The past three and a half years of Brexit uncertainty have seen a clear investment trend play out, which has turned into herd-like behaviour. Investors are reducing exposure to the UK, and redeploying proceeds into funds that invest with an unconstrained global remit.
Having recently celebrated its 30th birthday, Templeton Emerging Markets Investment Trust (TEM) is one of the longest-running emerging market investment funds or trusts available to UK investors.
Over the period the trust has seen huge changes in the parts of the world it invests in, including the economic transformation in the Asia-Pacific region and the opening up of communist countries to global investment.
A passive storm has hit the active fund management industry over the past decade, with a growing army of self-directed investors choosing to accept the returns produced by stockmarket indices.
Big reductions in management fees over the past seven years or so, with some index funds and ETFs now costing just a tenth the price of an active fund, have been one key driver towards passive.
In life, three things are certain: death, taxes and investment experts tipping Japan as their star stockmarket performer at the start of every calendar year. The beginning of 2019 proved no exception, with investor enthusiasm even higher than usual on the back of Japan’s main stockmarket index, the Nikkei 225, tumbling into a bear market in late 2018, having fallen 20% from a peak at the start of October.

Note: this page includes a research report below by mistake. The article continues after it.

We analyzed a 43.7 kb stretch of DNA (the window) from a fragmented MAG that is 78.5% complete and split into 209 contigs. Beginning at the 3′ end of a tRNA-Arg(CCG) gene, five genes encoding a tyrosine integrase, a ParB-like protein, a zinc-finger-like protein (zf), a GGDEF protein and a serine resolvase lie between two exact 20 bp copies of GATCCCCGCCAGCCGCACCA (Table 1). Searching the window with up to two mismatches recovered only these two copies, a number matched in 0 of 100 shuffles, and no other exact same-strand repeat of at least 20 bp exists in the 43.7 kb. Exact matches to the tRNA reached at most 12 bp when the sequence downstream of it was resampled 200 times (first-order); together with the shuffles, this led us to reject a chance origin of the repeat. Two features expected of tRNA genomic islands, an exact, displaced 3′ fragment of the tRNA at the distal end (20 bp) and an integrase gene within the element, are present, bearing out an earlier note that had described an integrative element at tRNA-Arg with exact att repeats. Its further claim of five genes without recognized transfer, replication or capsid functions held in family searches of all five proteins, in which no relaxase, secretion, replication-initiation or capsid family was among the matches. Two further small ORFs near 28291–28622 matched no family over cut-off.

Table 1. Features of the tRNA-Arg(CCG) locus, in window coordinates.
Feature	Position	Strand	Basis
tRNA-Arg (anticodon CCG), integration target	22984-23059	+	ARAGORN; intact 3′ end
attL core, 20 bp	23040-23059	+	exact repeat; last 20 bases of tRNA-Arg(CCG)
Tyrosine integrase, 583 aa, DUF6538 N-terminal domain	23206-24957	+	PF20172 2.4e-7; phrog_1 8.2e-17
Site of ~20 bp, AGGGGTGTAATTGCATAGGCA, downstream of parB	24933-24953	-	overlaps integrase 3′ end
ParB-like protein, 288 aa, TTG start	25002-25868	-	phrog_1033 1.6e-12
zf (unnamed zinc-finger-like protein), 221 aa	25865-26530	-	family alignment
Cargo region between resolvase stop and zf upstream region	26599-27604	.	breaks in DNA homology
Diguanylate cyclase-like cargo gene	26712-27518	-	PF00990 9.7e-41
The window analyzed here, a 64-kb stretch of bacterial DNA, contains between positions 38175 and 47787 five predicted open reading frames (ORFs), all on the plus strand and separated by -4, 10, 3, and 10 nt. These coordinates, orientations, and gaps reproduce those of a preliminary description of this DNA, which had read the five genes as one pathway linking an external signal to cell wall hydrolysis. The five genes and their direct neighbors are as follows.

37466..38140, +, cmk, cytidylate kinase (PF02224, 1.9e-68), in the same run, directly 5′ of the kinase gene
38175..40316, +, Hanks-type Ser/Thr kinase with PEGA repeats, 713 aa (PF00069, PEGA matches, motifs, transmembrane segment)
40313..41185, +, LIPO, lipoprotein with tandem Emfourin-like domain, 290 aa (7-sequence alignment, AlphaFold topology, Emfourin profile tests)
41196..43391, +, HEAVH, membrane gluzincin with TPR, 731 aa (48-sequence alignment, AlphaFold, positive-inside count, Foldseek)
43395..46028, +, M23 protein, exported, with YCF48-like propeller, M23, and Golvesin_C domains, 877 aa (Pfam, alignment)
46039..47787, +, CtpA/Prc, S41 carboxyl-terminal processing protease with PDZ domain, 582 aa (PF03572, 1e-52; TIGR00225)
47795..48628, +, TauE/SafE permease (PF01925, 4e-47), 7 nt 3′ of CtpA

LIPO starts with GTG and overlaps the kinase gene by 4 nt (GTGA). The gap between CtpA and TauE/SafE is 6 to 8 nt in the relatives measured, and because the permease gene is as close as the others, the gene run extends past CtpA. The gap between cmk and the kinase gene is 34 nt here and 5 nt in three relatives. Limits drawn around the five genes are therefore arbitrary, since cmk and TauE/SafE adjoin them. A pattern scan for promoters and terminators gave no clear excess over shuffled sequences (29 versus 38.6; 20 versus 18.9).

Laura Foll has been at Janus Henderson since she joined its graduate programme in 2009 straight from university. Like many of her generation, she joined the workforce while the full ramifications of the financial crisis were still playing out and the country was deep in recession. “Thankfully, the company didn’t cancel its graduate recruitment scheme in the middle of the crisis. It was either this or go back home and live with my parents,” she says.
Richard Penny has done his homework. He enters the meeting room on the first floor of Crux Asset Management’s Pall Mall offices clutching the latest issue of Money Observer and keen to talk about a recent feature on whether the size of a fund matters. He thinks smaller funds do better – which bodes well, as in September he launched a new special situations vehicle at the boutique fund firm, which he joined this summer after 15 years at investment giant Legal & General.
Praveen Kumar likes investing in businesses run by young, dynamic, entrepreneurial risk-takers. He looks for fast-growing companies that are disrupting their industries.
Japan, you might think, is not an obvious hunting-ground for firms with these characteristics. The country has gained a reputation for poor corporate governance, decades of deflation, and notoriously cautious savers who are unwilling to put their money in the stock market. It is not known as a nation of risk-takers.
Naming a fund after a famous investor comes with its own unique set of risks. What if that individual finds themselves the subject of a scandal or their investment approach suddenly falls out of favour? The CFP SDL UK Buffettology fund was named after, you guessed it, Warren Buffett and is run according to his investment principles. Yet the ‘Sage of Omaha’ has nothing to do with the fund.
Rosemary Banyard explains how her freedom and flexibility at her trust inspires her to make the most of market volatility.
Exclusive interview: Neil Woodford explains why he remains confident his bet on the UK domestic economy will pay off.